There are dozens of excellent players on the trade and free agent markets who can make the Giants a better team in 2018 and beyond. Players that can drastically improve the team’s defense in the outfield. Players that can turn the bullpen into a strength. Players that can hit a home run — even at AT&T Park.

These players are going to cost serious money, or prospects, or both. There’s no way around that.

This isn’t to say that the Giants should aim to be fleeced in any deals, but the team’s reluctance to take on salary and their untouchable list of prospects (which has 2017 first round pick Heliot Ramos at the top) is a significant impediment that frankly doesn’t make much sense.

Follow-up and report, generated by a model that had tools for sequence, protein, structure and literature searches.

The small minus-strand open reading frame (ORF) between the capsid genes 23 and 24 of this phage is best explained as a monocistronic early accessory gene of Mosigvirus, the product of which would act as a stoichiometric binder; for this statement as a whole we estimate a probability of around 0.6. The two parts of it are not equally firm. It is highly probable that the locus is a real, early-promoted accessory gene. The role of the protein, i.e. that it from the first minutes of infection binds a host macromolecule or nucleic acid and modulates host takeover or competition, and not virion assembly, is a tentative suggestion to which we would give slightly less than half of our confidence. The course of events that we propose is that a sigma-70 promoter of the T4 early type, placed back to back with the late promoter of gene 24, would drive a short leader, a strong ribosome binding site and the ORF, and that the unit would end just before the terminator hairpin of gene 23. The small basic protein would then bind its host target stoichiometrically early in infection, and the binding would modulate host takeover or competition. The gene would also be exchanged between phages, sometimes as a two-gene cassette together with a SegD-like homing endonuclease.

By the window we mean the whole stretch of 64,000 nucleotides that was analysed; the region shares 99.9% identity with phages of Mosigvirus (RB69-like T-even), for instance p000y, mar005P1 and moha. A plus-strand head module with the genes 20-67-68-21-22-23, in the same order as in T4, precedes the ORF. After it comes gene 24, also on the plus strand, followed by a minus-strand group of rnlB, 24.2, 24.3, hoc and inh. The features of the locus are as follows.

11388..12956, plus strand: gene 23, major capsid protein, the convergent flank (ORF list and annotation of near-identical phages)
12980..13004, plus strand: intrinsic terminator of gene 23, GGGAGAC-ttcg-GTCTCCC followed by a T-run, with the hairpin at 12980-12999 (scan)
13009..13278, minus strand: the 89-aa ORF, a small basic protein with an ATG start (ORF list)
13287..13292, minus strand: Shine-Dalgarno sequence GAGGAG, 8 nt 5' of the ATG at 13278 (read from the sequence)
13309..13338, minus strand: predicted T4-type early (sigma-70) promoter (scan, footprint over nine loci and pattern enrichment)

J.D. Martinez is still a free agent. Josh Donaldson is being dangled by the Blue Jays. Evan Longoria is on the market. McCutchen is still available. There are plenty of good power hitters (who aren’t lefties) and strong defenders in the outfield or at third base on the market. There are plenty of opportunities for the Giants to improve this offseason.

The Giants understood the price of acquiring a valuable player when it came to Stanton — they understood the risks and downsides and forged ahead anyway. How did the Giants go from being willing to take on nearly a quarter of a billion dollars in salary and moving prospects to now only wanting to make deals for cheap players that don’t require serious prospects to acquire? (These are also known as bad players.)

Can the Giants rid themselves of that cognitive dissonance?

They better, because the path the team appears to be on isn’t going to lead it anywhere worthwhile.

blog comments powered by Disqus